Beginner’s Guide to Investing in OTC Stocks


Outside mainstream exchanges, you’ll find a whole other world of investing. Thanks to equities like TSNPD, more traders than ever have stumbled across OTC, or over-the-counter stocks. In these markets, double-digit gains are not uncommon.

Unfortunately, for the uninitiated, double-digit losses are not uncommon either. So, before you sink a significant portion of your portfolio into OTC shares, get a lay of the land first. In this post, we’ll cover the basics of investing over-the-counter so you can proceed with confidence.

Let’s get started.

What are OTC Markets?

Unlike traditional stock exchanges (e.g., NYSE, NASDAQ, etc.), OTC markets are fully decentralized. However, they are also less transparent. For example, in an OTC transaction, only the dealer and the buyer know an equity’s sales price. Meanwhile, on exchanges, everyone can see the prices of transactions.

Thanks to fewer listing requirements, OTC markets are fast becoming a source of funding for startups. There’s far less paperwork involved, and the financial costs of going public via OTC is also much lower.

While that’s an excellent deal for businesses, it jacks investor risk through the roof. Because of the lack of transparency in OTC markets, it’s tough to gauge a company’s health. Also, dealers are the market makers in OTC platforms – not investment banks. As a result, available liquidity is far lower than on traditional exchanges.

Carve Out an OTC Bankroll

You can make a tidy sum trading on OTC platforms. However, doing so involves taking on significant risk. Without warning, equities in these markets can plunge 20%, 50%, or even 80%.

So, when you begin trading OTC, start small. Dedicate no more than 2% of your total assets to these equities. That way, if things go south on you, it won’t do lasting damage to your life savings. Once you learn more about these stocks and OTC transactions, you can slowly increase your risk tolerance. However, we recommend limiting your OTC exposure to 10% of your portfolio.

Lastly, do not invest funds needed for essential functions (rent/mortgage, food, etc.). Even if a stock appears to be “going to the moon”, it can always nosedive.

How Do I Find Good OTC Stocks?

Researching most publicly-traded companies is fairly easy. Stock exchanges require firms listed on their platform to disclose financial, managerial, and operational information. Traders can find this data on the “Investor Relations” section of any public firm’s website. With a couple of hours of in-depth research, you can determine if that equity is worth buying.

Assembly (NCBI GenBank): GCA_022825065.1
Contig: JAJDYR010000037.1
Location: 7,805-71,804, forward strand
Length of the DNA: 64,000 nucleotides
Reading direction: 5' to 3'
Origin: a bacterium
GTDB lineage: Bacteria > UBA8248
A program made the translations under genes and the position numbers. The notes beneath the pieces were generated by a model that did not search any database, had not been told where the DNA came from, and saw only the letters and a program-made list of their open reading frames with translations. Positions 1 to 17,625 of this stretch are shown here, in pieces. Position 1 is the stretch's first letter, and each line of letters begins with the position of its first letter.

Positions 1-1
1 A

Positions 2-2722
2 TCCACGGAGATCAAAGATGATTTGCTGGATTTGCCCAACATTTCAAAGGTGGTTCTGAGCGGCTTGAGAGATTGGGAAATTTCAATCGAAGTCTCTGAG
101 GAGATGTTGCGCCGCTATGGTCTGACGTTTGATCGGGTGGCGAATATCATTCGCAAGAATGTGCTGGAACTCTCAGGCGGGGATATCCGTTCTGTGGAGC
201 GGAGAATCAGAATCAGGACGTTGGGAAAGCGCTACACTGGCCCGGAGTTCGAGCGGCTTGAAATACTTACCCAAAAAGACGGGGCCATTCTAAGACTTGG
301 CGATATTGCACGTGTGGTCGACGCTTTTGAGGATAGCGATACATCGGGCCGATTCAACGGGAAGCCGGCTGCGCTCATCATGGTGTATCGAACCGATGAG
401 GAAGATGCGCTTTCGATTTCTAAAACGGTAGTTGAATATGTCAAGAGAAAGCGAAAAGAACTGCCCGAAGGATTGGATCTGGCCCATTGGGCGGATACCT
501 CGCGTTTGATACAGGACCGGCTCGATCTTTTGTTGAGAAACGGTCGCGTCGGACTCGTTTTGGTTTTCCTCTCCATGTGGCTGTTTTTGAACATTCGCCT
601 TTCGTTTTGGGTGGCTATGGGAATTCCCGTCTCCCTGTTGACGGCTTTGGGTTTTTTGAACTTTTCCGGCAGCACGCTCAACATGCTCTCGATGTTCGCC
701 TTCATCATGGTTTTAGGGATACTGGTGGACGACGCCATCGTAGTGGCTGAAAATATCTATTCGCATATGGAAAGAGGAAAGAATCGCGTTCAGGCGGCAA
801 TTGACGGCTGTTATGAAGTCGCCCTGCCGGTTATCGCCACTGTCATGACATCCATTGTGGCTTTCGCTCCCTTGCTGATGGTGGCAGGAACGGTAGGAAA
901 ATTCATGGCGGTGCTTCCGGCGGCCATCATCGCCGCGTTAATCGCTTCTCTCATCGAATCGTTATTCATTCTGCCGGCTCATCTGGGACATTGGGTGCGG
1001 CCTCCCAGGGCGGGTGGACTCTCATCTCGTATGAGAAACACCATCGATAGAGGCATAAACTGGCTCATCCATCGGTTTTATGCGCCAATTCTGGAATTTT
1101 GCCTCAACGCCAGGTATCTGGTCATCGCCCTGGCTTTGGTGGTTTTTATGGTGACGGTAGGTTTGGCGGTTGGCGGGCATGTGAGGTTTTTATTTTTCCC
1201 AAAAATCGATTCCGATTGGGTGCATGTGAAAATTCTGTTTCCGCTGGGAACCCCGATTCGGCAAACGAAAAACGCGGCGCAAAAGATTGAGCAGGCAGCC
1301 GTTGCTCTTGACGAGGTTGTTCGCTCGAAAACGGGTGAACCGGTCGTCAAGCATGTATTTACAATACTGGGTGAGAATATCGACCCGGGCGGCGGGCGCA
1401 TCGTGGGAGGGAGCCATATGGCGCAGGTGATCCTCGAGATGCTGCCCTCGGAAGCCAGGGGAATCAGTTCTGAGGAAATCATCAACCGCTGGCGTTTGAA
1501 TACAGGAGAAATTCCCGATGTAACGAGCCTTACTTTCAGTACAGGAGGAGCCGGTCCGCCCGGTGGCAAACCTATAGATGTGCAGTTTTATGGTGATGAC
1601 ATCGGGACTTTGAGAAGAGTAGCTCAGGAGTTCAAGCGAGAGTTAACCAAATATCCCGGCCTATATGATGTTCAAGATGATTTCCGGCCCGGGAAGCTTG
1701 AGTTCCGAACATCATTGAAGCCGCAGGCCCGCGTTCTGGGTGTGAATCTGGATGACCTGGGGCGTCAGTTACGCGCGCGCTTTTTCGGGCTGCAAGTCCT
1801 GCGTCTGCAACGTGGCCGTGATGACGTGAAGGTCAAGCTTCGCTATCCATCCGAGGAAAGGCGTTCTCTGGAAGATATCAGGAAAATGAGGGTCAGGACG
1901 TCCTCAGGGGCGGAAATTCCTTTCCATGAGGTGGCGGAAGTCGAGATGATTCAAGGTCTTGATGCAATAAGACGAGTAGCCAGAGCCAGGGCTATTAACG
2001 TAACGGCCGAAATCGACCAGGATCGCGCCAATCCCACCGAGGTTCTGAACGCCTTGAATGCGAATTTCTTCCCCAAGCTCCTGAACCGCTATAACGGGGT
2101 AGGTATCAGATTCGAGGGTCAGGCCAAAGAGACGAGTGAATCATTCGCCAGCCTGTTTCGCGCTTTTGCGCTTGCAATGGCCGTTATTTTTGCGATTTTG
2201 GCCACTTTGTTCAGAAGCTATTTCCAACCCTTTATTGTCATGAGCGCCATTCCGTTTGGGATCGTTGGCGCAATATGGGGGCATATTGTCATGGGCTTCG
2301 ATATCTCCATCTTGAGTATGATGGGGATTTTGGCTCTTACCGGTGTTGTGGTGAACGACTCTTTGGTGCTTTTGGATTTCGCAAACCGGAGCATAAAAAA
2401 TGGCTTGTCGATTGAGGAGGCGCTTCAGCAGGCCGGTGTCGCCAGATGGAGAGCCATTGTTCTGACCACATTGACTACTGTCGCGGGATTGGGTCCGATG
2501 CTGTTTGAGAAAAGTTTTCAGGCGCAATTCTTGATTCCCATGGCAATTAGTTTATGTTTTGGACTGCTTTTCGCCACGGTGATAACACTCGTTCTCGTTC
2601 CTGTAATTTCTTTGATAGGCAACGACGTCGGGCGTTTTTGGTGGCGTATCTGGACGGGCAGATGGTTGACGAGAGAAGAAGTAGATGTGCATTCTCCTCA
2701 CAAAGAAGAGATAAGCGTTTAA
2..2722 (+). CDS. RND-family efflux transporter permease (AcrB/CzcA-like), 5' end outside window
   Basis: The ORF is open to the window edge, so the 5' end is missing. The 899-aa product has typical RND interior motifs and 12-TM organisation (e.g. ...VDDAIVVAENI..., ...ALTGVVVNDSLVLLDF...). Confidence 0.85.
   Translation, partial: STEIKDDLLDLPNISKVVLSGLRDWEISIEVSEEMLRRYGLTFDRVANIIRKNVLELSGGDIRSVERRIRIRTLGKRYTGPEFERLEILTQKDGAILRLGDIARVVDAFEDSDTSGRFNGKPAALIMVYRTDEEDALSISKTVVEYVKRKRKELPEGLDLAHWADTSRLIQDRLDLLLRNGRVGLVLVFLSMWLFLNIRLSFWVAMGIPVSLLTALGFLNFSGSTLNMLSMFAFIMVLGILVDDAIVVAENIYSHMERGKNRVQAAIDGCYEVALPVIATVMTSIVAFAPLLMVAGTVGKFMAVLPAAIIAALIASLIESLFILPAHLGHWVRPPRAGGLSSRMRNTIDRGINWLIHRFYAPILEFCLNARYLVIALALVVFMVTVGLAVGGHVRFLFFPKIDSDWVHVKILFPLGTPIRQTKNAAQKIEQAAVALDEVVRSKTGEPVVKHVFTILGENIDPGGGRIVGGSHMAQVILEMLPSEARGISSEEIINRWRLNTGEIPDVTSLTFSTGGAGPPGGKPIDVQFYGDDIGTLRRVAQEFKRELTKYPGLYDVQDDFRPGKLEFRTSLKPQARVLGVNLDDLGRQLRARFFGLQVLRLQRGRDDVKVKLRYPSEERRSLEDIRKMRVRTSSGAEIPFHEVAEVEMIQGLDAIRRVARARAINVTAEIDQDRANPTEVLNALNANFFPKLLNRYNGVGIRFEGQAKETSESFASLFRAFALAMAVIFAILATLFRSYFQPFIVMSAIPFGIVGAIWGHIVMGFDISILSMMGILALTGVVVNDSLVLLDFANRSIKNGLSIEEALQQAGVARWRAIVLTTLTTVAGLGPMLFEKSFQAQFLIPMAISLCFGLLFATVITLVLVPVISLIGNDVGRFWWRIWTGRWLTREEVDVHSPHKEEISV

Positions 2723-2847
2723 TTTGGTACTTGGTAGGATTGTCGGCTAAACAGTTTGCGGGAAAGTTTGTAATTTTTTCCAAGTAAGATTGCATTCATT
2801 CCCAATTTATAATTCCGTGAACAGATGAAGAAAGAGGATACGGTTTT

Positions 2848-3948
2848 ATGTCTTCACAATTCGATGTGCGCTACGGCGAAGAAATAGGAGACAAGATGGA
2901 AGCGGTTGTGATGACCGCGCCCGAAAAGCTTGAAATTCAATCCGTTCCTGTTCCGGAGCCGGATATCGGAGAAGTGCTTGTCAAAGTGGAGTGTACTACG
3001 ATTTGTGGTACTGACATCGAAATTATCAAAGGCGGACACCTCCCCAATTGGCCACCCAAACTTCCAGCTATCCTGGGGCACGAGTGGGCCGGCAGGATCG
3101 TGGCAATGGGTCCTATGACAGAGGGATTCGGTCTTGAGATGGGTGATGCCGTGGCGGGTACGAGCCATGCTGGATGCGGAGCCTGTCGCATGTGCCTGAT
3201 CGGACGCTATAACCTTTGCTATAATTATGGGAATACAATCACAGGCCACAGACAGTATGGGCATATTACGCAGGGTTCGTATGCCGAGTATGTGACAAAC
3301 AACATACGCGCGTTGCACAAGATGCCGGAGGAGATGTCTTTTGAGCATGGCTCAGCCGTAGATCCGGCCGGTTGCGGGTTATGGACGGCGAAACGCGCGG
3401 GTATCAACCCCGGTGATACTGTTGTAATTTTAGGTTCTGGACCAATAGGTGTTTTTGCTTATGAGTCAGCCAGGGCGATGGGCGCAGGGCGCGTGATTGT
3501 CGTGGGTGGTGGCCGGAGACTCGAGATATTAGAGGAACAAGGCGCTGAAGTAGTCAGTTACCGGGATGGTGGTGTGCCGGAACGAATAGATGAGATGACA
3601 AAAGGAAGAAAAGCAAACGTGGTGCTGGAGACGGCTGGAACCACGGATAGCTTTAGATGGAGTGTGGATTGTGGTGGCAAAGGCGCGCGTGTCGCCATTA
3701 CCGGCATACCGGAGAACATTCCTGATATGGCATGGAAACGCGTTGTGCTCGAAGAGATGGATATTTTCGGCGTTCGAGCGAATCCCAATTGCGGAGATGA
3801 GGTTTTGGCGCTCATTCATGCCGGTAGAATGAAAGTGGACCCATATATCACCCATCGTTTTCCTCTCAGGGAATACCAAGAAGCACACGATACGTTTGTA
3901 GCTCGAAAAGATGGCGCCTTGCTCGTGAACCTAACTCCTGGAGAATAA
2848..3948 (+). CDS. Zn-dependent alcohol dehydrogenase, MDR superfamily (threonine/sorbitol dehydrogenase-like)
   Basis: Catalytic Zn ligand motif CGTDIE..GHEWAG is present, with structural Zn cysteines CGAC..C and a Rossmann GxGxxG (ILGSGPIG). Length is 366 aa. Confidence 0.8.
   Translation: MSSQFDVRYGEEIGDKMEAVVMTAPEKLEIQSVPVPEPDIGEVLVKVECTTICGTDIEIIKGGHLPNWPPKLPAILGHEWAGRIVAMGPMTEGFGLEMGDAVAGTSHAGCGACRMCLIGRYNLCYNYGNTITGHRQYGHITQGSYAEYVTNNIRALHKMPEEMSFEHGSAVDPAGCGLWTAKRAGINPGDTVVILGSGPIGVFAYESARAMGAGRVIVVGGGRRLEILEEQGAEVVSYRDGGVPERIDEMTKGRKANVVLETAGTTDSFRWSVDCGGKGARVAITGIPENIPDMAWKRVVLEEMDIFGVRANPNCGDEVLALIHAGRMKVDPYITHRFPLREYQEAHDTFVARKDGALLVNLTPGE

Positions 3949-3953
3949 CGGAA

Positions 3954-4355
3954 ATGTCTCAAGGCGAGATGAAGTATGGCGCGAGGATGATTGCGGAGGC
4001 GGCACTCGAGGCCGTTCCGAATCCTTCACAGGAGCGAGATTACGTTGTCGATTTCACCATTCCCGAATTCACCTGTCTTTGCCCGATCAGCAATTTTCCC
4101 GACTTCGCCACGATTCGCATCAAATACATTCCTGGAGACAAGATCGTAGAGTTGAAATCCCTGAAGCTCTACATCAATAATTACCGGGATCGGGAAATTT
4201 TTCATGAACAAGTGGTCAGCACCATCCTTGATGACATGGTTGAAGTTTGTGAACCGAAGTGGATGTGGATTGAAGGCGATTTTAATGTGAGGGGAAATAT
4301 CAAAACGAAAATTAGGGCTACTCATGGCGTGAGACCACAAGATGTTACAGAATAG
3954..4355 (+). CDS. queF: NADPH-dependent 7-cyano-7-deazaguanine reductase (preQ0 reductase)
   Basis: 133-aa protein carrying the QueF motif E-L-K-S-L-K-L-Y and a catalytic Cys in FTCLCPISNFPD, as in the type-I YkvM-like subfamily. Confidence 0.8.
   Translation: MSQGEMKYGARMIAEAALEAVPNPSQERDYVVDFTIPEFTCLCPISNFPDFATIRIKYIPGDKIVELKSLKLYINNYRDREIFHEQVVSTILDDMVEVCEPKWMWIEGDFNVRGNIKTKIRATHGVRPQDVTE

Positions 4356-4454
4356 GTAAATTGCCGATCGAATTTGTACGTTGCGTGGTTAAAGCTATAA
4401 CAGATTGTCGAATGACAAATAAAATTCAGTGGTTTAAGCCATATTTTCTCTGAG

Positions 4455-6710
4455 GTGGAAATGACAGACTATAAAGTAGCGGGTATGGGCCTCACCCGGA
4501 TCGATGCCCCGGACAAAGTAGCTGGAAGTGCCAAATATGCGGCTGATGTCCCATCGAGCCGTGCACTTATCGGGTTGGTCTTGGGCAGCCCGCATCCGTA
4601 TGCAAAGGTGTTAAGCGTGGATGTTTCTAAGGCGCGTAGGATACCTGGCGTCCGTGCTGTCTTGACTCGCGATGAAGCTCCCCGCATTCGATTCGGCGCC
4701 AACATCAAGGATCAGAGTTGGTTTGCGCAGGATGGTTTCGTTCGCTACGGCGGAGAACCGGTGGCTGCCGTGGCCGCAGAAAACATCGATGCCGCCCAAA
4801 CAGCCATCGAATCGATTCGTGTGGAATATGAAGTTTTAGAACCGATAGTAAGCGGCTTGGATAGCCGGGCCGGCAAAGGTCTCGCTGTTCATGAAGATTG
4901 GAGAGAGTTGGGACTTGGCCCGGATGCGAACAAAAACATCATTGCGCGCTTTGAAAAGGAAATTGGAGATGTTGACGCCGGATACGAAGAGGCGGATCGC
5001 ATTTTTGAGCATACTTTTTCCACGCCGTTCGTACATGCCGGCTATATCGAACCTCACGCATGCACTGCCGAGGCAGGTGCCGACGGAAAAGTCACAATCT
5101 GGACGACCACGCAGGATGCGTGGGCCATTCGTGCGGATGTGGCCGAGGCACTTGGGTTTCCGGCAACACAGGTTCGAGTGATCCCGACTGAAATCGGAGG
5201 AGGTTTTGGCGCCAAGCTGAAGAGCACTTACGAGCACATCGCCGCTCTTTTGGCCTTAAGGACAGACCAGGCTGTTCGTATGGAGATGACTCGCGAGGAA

Doing your due diligence on OTC stocks is much harder. As we mentioned earlier, firms on these trading platforms are subject to far fewer regulations regarding disclosure. In fact, these companies don’t have to supply any information (although doing so marks them as a “dark” or a “toxic” tier firm).

However, not all companies on OTC platforms are scams. By focusing on firms listed in the “trusted” or “transparent” tier, you can greatly reduce your risk. To achieve this rank, businesses must either meet the standards of the NYSE/NASDAQ (trusted) or meet SEC reporting standards (transparent).

If you’re new to analyzing quarterly reports, though, it’s advisable to have access to a trusted second opinion. Websites like Insider Financial make it easier to learn how to find OTC stocksby supplying in-depth commentary.

Buying OTC is Easy

Ready to put your stock-picking intuition to good use? Great – now, all you need is somewhere to buy/sell OTC. In the past, that meant picking up the phone and calling a broker that dealt in OTC securities. Today, though, it couldn’t be easier, as many major online brokerages offer OTC trades.

These big names include platforms like TD Ameritrade, Fidelity Investments, and Charles Schwab. In particular, TD and Schwab offer OTC trades for as low as $0 per transaction. If you’re starting on your trading journey, you should chase deals like these. After all, every penny you save is a penny that you can re-invest into a winning play.

Should I Hold or Sell My OTC Stocks?

This is the question that separates the dabblers from the pros. Like all other securities, every OTC stock is different. And not only are they different, but so are the economic circumstances surrounding each equity. When the economy is hot, resource plays do well. When it’s ice-cold, auction firms and bankruptcy trustees thrive.

And then, you need to consider your own needs and wants. Are you investing for the long run, or are you looking to make a quick buck? All the factors mentioned will play into deciding whether to buy, hold, or sell any OTC stock.

Knowing what to do is a skill you’ll develop over time. Only by trading, assessing, and learning can you make this happen.

Be Extra Cautious With Your OTC Investments

Successful OTC traders can post some seriously brag-worthy gains. But chances are, they’ve suffered crushing defeats in their past. In the beginning, limit your downside risks and focus on learning.

As your confidence grows, slowly expand your risk tolerance. Yes, you’ll get the occasional bloody nose, but when you hit your first big win, the preceding pain will be worth it.

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